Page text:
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A TAKEN NOVEL
HarperTeen is an imprint of HarperCollins Publishers. Frozen Copyright © 2014 by Erin Bowman Tree photograph by iStockPhoto All rights reserved. Printed in the United States of America. No part of this book may be used or reproduced in any manner whatsoever without written permission except in the case of brief quotations embodied in critical articles and reviews. For information address HarperCollins Children’s Books, a division of HarperCollins Publishers, 10 East 53rd Street, New York, NY 10022. www.epicreads.com Library of Congress Cataloging-in-Publication Data Bowman, Erin. Frozen / Erin Bowman. — First edition. pages cm Sequel to: Taken. Summary: “Gray Weathersby and a small team of rebels set off on a frozen, icy journey in search of allies to help them take down the cruel Franconian Order—but they quickly learn that no ally or enemy is truly what they seem”— Provided by publisher. ISBN 978-0-06-211729-8 (hardcover bdg.) [1. Adventure and adventurers—Fiction. 2. Brothers—Fiction. 3. Government, Resistance to—Fiction. 4. Fantasy.] I. Title. PZ7.B68347Fr 2014 [Fic]—dc23 Typography by Erin Fitzsimmons 14 15 16 17 18 CG/RRDH 10 9 8 7 6 5 4 3 2 1 v First Edition 2013015447 CIP AC
For my husband: who shows me the road when I’m lost, and the woods when I need to wander.
we have been walking for two weeks. Nothing tails us but snow and crows and dark shadows of doubt. The days grow shorter, the evenings frigid. I thought I’d be able to handle the cold. I was wrong. Back in Claysoot, our winters were hard, but while our homes were drafty and crude, we still had shelter. Even if I had to bundle up and head into the woods for a day of hunting, I could always return to a house. I could light a fire and put on clean socks and cling to a cup of hot tea as though my life depended on it. Now it is just endless walking. Endless cold. At night we have only tents. And exposed fires. And blankets and jackets
and countless additional layers that are never enough to chase the chill from our bones. It’s funny how Claysoot actually looks good on some days. When it’s freezing and no amount of blowing on my hands seems to warm them, I can’t help but think of the comforts of my old home. I have to remind myself that Claysoot was never a home. A home is a place you are safe, at ease, able to let down your guard. Claysoot is none of these things. It will never be these things. The Laicos Project made sure of that, starting the day Frank locked children away to serve his own needs, corralling them like cattle, raising them to create the perfect soldiers: Forgeries. Human machines to do his bidding. Perfect replicas of the people he imprisoned. And now we march to one of those prisons, a forgotten group in the Western Territory of AmEast’s vast countryside. We’ll look for survivors at Group A, invite them to join us in the fight against Frank. See what secrets they’ve learned in all their years of hiding. Ryder’s holding out hope that Group A might make a decent secondary base, help us extend our reach to the opposite end of the country. I look at my hands, dry and chapped. Snow is falling again, drifting through the early-morning light as delicate, gray flakes. I’m supposed to be doing something. What am I supposed to be doing?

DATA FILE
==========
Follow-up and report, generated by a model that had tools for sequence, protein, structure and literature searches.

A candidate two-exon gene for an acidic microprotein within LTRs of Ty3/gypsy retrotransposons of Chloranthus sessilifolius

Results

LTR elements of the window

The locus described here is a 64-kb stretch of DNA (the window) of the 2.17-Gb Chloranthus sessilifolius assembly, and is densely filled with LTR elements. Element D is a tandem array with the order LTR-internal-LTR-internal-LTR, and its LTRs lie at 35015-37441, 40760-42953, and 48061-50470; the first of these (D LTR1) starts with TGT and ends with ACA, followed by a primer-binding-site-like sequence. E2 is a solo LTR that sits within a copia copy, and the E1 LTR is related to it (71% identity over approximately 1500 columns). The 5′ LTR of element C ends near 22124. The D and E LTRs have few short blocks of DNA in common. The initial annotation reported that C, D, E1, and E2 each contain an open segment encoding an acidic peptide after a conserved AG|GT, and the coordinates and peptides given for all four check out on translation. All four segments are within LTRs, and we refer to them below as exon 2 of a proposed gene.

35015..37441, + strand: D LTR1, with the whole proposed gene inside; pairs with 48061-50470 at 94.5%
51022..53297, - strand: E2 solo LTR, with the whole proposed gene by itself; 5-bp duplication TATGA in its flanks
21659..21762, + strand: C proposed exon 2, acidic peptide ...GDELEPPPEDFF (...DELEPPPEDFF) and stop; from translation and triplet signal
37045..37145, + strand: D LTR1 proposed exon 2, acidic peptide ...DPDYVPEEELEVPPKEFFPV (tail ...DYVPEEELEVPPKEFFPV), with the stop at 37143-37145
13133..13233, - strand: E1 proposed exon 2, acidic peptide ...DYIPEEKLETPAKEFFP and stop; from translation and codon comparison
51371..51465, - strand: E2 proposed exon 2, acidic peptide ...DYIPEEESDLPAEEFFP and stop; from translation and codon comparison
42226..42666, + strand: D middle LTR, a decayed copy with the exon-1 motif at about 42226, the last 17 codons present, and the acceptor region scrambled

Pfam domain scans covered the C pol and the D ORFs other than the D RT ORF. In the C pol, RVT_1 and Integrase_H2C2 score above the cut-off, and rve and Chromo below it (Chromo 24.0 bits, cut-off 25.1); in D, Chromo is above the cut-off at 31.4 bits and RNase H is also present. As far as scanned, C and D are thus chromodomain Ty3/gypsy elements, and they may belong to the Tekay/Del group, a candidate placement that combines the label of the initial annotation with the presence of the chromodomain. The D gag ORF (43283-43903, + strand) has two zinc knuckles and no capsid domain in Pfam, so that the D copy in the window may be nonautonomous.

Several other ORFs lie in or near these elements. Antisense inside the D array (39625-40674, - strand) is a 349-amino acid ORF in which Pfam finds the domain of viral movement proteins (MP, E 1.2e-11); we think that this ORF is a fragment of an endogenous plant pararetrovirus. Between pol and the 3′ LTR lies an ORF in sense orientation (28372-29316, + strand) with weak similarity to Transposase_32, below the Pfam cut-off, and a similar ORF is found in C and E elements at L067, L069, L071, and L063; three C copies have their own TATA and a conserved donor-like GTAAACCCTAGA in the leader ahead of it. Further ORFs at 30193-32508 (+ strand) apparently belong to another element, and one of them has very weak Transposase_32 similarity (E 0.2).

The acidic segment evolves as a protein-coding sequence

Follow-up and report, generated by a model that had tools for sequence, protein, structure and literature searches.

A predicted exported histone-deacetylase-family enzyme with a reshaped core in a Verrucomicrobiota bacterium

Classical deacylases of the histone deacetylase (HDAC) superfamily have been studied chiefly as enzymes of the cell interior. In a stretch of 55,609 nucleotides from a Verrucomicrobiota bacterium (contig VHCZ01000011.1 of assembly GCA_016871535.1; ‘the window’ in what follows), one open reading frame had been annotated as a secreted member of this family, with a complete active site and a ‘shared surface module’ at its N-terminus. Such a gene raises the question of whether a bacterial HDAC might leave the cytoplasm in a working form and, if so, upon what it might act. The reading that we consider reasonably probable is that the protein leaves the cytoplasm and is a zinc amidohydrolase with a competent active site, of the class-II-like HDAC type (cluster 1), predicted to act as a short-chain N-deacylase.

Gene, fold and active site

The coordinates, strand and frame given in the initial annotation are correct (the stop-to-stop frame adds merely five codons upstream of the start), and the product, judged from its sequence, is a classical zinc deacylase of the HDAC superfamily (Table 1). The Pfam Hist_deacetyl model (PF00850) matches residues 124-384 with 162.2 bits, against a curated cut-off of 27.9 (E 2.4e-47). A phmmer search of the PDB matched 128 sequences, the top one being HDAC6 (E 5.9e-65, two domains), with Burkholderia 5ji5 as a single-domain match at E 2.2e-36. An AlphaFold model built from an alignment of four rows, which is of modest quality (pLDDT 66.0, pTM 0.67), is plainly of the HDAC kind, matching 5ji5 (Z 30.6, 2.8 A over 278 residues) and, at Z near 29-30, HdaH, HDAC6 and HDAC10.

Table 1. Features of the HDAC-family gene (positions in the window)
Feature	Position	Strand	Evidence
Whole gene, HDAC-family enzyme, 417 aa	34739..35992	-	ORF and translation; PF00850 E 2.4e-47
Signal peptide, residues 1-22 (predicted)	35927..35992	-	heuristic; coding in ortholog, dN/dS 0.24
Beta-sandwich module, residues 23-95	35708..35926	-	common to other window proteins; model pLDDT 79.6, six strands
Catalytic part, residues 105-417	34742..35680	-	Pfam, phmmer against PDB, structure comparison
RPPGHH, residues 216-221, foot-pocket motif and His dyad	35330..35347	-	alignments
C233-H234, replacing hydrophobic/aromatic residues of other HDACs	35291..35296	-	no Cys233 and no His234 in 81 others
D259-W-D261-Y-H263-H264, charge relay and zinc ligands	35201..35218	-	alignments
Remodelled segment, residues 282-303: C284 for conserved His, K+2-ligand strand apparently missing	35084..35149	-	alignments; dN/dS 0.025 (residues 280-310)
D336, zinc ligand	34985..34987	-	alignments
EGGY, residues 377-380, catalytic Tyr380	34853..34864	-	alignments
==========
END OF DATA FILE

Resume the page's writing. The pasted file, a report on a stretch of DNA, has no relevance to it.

I see the footprints, and I remember. Clipper. He’s been drifting from our team lately. We’ll settle down for the night, or pause for a water break, and then someone will notice that he’s missing. I always get saddled with the honor of retrieving him. I stand and pull my gloves back on, return my focus to tracking him. I crest a small rise and there he is, leaning against a pale birch tree. “We need to keep moving. You ready?” “Gray,” he says, turning to face me. “I didn’t hear you.” I force a smile. “You never do.” “True.” There’s an unmistakable heaviness to Clipper’s voice. He sounds older. Looks it, too. After Harvey died—was murdered by Frank—the boy took over as the Rebels’ head of technology. All the added responsibility seems to have aged him. “I miss her,” Clipper says, touching a twine bracelet I watched his mother give him when they said their good-byes two weeks earlier. “And Harvey.” He kicks at a snow-dusted rock at his feet. “He was . . . I don’t know how to put it. I just feel lost without him.” Harvey was like a father to Clipper. That’s what he means to say. I know it, and so does the rest of our team. It’s painfully obvious.